AWSCLI is a unified command line interface to Amazon Web Services. It allows us to control most of AWS services from the same command line interface.

Check: Why is that useful? Why is that powerful? Can you give some examples?

e.g. to be able to programatically turn instances on and off or to create complex architectures or to provision clusters in response to a demand

AWS Command Line [AWSCLI] (15 min)

Let's go ahead and follow the tutorial for AWSCLI

Steps to complete

Step 1: Create an AWS IAM User

In order to use the command line we will have to configure a set of access credentials on our laptop. It's very important to create a separate identity with limited permissions instead of using our root account credentials.

Check: why is this so important?

Answer: so that we can limit the damage a user could do if he/she were to obtain our credentials

Note: It's also probably a very good idea to set up 2-Factor Authentication!

Note: When attaching a Policy you can be more restrictive and only give the user permission to use the services you intend him/her to use.

Step 2: Install and Configure the AWS CLI

Note that one of the method is to simply use pip to install the AWSCLI.

Note: If you already have AWSCLI configured and you would like to have multiple roles, you can do that as explained here.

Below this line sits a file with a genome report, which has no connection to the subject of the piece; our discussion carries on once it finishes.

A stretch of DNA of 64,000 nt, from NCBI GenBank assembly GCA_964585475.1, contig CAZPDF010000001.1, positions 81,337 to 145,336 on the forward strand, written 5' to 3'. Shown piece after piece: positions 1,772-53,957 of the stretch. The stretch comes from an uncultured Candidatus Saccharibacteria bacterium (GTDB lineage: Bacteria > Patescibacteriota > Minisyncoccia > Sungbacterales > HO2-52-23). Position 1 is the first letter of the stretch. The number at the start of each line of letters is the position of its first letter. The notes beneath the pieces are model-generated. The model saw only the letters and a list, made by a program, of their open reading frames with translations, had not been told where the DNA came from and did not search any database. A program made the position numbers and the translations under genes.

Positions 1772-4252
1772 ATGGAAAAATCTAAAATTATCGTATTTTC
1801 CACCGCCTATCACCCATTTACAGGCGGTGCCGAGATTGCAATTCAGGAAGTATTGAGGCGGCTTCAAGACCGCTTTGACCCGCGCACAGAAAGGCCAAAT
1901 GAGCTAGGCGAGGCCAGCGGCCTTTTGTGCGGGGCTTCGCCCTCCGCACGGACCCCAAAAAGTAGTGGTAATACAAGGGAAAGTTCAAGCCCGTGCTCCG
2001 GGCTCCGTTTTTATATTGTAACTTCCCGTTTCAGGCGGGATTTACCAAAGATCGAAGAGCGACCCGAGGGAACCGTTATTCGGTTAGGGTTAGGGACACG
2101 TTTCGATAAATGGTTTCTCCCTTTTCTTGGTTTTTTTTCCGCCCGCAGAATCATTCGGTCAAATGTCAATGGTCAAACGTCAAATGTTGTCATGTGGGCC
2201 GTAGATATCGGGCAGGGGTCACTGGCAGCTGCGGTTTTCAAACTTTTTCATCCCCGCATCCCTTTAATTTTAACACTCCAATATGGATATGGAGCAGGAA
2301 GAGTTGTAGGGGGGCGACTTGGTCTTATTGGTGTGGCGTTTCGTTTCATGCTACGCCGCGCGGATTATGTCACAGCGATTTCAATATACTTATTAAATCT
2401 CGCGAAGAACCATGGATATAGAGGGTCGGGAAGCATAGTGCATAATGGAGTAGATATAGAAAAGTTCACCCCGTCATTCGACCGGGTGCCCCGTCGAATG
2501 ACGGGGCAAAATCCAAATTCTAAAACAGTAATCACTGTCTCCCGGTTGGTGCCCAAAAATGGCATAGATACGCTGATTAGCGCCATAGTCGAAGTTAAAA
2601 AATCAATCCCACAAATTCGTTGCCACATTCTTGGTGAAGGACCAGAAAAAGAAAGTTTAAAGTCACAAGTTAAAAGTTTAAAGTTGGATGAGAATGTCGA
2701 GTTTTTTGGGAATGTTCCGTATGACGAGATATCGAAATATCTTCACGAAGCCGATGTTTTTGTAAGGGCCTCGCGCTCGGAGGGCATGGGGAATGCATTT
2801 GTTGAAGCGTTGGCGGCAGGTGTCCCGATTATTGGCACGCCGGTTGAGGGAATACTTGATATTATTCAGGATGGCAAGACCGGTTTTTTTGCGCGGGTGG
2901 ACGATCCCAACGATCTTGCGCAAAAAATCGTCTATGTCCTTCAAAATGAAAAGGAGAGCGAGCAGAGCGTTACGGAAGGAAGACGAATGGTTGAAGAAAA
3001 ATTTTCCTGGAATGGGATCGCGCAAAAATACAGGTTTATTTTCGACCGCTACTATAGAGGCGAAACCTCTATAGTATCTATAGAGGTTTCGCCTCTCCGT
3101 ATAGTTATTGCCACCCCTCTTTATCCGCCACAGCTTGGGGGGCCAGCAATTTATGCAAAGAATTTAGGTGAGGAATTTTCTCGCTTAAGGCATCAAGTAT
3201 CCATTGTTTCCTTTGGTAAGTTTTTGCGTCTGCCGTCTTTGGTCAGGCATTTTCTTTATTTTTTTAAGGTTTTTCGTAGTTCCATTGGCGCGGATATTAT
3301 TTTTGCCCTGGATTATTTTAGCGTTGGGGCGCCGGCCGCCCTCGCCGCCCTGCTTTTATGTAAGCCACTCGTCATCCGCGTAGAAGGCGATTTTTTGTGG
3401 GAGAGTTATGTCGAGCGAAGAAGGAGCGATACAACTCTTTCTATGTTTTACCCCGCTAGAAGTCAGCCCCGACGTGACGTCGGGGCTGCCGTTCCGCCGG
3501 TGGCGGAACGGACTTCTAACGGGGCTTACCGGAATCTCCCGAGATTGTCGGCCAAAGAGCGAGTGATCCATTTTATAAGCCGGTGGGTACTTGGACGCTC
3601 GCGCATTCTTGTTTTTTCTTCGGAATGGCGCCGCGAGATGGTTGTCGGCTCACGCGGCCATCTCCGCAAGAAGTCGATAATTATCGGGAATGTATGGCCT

Step 3: Using the AWS CLI with Amazon S3

Now you can go ahead and copy files back and forth from your command line, without ever having to click on the web interface. How cool is that?

Here's a Cheat Sheet for the AWSCLI.

EC2 from the command line (15 min)

Empowered with a well configured AWSCLI, we can now start and stop EC2 instances from the command line! Let's use it to spin up a spot instance.

1. Check prices

Let's check the price for an m3.medium spot instance:

aws ec2 describe-spot-price-history \
    --start-time $(date -u +"%Y%m%dT%H0000") \
    --product "Linux/UNIX" \
    --instance-type "m3.medium" \
    --region us-west-2 \
    --output table

Note: you may have to set the region to the same region you used when opening your account.

|                                      DescribeSpotPriceHistory                                       |
||                                         SpotPriceHistory                                          ||
|| AvailabilityZone | InstanceType  | ProductDescription  | SpotPrice  |          Timestamp          ||
||  us-west-2b      |  m3.medium    |  Linux/UNIX         |  0.009700  |  2016-05-30T00:48:11.000Z   ||
||  us-west-2b      |  m3.medium    |  Linux/UNIX         |  0.009800  |  2016-05-30T00:45:56.000Z   ||
||  us-west-2a      |  m3.medium    |  Linux/UNIX         |  0.011100  |  2016-05-30T00:40:35.000Z   ||
||  us-west-2a      |  m3.medium    |  Linux/UNIX         |  0.011000  |  2016-05-30T00:35:39.000Z   ||
||  us-west-2b      |  m3.medium    |  Linux/UNIX         |  0.009900  |  2016-05-30T00:35:39.000Z   ||
||  us-west-2b      |  m3.medium    |  Linux/UNIX         |  0.010000  |  2016-05-30T00:30:46.000Z   ||
||  us-west-2b      |  m3.medium    |  Linux/UNIX         |  0.009800  |  2016-05-30T00:25:24.000Z   ||
||  us-west-2a      |  m3.medium    |  Linux/UNIX         |  0.011100  |  2016-05-30T00:22:38.000Z   ||
||  us-west-2a      |  m3.medium    |  Linux/UNIX         |  0.011200  |  2016-05-30T00:17:14.000Z   ||
||  us-west-2b      |  m3.medium    |  Linux/UNIX         |  0.009900  |  2016-05-30T00:14:46.000Z   ||